Finally seated and ready for takeoff, belts fastened, seat backs upright, electronic devices off—Hey you in 26B! That includes cell phones!—the flight attendant had to come back TWICE to say that the pilot was having trouble communicating with the tower due to interference from the cabin.
The flight itself was textbook economy class: the guy in front flips his seat back suddenly into your lap, the one behind fiddles with and pushes his tray into your back all night and somehow manages to kick you from below at the same time; the same “pasta o pollo?” at midnight, the same insultingly bad movie starts sometime during the wee hours. The usual high-carb, low-caffeine breakfast; the same lines waiting for the person camped out the restroom (seriously, what could anyone possibly do in there for so long? No, wait, I don’t even want to know). I make a list of annoying airplane behaviors
Strangers in the Night, BEST Buds by Morning
We were all tired, cold, and annoyed when we boarded, but some mysterious magic friendly dust seems to have been sprinkled into the ventilation system, because people who were total strangers just hours earlier swapped life stories and addresses by morning. Aisle strollers stopped to chat, breakfast snacks got traded, and destination advice was offered. The sun rose somewhere over Brazil and I overheard an enthusiastic young man peeking out the window explain to his seatmate that he was looking for the Andes. Everyone around him did a double take, language check, and launched into a geography lesson. Arrival anticipation rose.
The pilot announced we’d begun our descent. Scattered applause. We giggled. We haven’t even landed yet and the celebration was already on! In the past, Chileans often applauded upon landing, although it’s decreasingly common as people fly more.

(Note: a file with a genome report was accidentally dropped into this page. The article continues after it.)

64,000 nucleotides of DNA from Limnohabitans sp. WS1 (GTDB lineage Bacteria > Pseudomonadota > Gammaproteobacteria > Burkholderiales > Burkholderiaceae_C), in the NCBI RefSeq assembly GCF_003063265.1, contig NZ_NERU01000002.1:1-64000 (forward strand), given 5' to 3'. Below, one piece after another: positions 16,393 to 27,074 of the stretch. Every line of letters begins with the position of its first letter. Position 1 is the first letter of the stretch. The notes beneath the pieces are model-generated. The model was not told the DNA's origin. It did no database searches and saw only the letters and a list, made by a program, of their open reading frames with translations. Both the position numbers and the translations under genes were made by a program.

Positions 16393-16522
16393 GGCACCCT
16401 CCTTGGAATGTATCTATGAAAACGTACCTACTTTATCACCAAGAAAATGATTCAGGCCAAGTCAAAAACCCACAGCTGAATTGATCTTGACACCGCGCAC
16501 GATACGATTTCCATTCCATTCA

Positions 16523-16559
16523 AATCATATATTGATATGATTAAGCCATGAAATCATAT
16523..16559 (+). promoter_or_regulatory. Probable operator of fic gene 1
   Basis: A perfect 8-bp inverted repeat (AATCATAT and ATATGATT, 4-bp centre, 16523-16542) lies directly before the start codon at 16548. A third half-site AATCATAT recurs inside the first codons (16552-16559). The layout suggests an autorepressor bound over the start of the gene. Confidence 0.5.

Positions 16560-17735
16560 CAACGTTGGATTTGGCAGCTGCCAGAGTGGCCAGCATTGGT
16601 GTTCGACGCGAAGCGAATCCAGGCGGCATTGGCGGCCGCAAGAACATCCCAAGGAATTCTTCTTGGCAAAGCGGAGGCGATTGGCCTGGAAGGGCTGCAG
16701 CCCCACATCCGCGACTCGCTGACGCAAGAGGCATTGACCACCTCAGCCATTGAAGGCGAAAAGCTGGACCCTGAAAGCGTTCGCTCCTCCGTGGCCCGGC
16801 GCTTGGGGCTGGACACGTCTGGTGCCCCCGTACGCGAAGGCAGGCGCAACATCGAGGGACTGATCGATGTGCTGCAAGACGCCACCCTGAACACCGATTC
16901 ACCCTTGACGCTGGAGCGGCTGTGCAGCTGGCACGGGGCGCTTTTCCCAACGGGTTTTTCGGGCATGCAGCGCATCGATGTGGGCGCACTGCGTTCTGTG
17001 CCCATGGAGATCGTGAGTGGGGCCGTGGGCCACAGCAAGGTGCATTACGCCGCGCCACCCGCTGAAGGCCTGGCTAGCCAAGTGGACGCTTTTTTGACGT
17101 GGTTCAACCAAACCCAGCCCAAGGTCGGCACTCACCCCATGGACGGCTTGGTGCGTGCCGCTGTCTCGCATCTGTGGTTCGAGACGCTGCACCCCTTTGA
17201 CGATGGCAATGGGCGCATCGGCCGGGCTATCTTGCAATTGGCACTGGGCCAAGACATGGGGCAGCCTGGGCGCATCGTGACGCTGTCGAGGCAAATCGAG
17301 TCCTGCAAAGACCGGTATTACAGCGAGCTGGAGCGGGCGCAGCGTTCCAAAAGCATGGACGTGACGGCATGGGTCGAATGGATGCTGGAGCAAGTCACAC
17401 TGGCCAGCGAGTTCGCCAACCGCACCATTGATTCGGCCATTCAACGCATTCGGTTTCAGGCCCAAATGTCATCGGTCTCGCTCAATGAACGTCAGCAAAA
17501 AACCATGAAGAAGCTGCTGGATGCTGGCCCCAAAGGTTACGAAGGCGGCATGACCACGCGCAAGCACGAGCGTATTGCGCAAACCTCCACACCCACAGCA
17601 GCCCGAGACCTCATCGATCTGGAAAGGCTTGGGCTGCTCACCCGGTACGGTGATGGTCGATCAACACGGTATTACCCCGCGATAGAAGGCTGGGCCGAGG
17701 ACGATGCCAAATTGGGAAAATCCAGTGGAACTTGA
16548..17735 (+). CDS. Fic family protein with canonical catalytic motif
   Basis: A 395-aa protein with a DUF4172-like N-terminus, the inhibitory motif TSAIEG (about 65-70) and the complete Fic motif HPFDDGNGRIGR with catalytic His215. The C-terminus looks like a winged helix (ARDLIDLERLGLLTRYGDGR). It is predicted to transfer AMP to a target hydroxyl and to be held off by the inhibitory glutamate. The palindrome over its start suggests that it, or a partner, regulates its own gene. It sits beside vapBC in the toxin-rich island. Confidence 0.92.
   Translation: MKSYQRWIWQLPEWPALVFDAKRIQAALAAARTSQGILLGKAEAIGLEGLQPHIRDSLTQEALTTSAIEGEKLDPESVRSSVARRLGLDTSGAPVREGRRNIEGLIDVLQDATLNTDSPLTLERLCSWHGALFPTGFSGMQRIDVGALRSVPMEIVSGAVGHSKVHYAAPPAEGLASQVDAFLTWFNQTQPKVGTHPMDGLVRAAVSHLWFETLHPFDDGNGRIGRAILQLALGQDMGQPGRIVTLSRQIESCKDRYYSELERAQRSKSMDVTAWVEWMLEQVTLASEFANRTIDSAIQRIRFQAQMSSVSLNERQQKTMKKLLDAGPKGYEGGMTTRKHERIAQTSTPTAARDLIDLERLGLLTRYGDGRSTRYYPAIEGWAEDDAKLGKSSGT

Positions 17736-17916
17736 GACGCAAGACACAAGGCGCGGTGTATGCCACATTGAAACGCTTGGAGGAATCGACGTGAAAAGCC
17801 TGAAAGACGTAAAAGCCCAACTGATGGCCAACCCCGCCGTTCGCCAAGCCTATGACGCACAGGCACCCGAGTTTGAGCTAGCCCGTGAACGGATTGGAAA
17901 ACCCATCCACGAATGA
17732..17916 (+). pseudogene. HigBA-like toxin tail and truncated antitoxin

Take your seats, buckle up, seat backs forward, electronic devices off. “Yes, 26B, that really does mean you!”
Hearty touch-down applause was immediately followed by the unclick-click-clack of hundreds of antsy travelers bursting out of their seat belts.
“Please remain in your seats with your seat belts fastened…”
The woman next to me hopped up to get her entirely unnecessary heavy winter coat out of the overhead compartment (she isn’t going to need that thing till she touches down in Rome again–it was already 70ºF). She couldn’t reach and bags and jackets toppled into the aisle. The flight attendant, desperate as a kindergarten teacher on the last day of class, stormed back to establish order.
The pilot comes on to explain that another plane is in our assigned slot.
We move up to another slot.
The Sky Bridge operator is nowhere to be found.
For the next 20 minutes the passengers play cat and mouse with the flight attendants, sneaking up into the overheads as we assume someone is trained in the fine art of Sky Bridge attachment.
We inch into place and the seat belt light goes off. More applause as everyone jumps up in unison. Hand shaking, cheek kissing, qué te vayas biens in that Argentine-only cross between Italian and Spanish. Finally.
We’re back in South America.
How about you? Got a favorite plane travel story to tell? Leave it in the comment section or blog it yourself and let us know so we can do some link swapping!